According to Google trends in 2020, the most searched word was Sri Lanka “sex”. The fact was attributed to the covid-19 related imposed lockdown, which affected physical relationships.
34. Once Denied Akon Entry
Due to the respect accorded to Buddha in Sri Lanka, the country denied Akon, a renowned musician entry into the country in 2010. This after one of his videos contained indecent pool part videos in front of Buddha’s statue.
35. Home to Sigiriya Rock Fortress
The Sigiriya Rock Fortress rises 200m from the forested plains and is recognized as the UNESCO World Heritage Site. The massive rock is one of the most popular tourist attraction sites in Sri Lanka.
36. Might have been Physically Connected to India
According to Hindu devotees, the current Adam’s bridge, which stands between India and Sri Lanka was constructed millions of years ago by Lord Ram, with the help of an army of monkeys. But Scientists and archaeologists attribute its existence to the formation of sand and stone.
37. Features 1340 km Coast Line
Sri Lanka is home to some of the most beautiful beaches in South Asia. The coastlines stretch hundreds of miles, allowing visitors to enjoy surfing and scuba diving.
38. Home to Unique Fruits
The country’s tropical climate makes it favorable for various types of unique fruits. Visitors enjoy King Coconut, Ceylon Olive, Wood apple, among other Sri Lankan fruits.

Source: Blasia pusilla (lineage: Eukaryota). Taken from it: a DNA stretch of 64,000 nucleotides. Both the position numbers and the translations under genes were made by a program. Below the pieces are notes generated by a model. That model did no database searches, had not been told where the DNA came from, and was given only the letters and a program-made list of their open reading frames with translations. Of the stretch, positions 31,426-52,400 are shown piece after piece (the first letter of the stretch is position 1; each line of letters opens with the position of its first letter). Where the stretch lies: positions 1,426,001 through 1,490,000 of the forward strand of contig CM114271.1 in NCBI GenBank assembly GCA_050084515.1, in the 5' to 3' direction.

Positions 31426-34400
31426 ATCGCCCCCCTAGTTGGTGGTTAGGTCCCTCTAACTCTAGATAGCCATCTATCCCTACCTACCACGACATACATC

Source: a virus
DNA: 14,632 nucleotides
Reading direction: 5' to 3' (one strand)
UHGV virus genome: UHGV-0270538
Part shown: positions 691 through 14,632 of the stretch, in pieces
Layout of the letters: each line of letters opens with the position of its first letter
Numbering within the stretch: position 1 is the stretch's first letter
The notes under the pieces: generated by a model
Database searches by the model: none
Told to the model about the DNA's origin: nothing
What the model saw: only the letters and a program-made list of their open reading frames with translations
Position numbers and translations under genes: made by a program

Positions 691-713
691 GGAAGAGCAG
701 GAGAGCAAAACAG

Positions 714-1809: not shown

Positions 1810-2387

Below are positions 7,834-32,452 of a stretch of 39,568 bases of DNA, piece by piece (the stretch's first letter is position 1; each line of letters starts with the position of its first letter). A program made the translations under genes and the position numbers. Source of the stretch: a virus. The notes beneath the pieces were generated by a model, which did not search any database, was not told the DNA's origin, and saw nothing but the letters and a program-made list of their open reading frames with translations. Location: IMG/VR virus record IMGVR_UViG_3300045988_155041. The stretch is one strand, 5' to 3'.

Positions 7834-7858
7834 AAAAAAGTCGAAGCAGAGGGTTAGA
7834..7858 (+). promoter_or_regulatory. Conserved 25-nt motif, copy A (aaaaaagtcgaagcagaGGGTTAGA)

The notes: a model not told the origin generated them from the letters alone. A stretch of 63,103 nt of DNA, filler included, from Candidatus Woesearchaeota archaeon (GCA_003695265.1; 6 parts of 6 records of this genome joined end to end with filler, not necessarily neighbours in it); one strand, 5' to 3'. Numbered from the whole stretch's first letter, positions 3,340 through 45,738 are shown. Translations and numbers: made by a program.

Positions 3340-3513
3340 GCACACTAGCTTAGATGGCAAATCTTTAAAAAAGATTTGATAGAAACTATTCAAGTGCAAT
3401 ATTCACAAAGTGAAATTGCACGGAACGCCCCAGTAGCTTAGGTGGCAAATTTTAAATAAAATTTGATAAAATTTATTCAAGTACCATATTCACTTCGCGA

39. Take Slow on Public Display of affection
As earlier mentioned, Sri Lankans are conservative people. They consider affection a private thing, and any public display of it is frowned upon.
40. Exorcism Still Exists
In some rural parts of Sri Lanka, exorcism rituals, such as the Sanni Takuma is still practiced. They are believed to chase off demons from a possessed person.
41. The Use of Hands
In Sri Lanka, things are meant to be passed around by the right hand or both hands. The left hand is meant for cleaning, especially after visiting the toilet.
42. Courtesy and Refreshments
Sri Lankans are naturally welcoming and love offering refreshments to their visitors. Turning down a refreshment offer is considered rude.
43. Alcohol Consumption and Mealtime
Many religions in this country do not encourage alcohol consumption. Therefore, restrain from drinking some during dinner/shared meals.
44. Flowers As Gifts
In Sri Lanka, people don’t consider flowers as gifts. They are commonly used in specific occasions such as weddings, mourning or religious activities.
45. Head Touching
Sri Lankans consider the head as the most sacred part of the human body. It’s therefore not appropriate to touch someone’s head, especially children and babies.
46. Women and Surnames
After marriage, women in most parts of Sri Lanka change their surnames to that of their husbands. They, however, keep their patronymic name.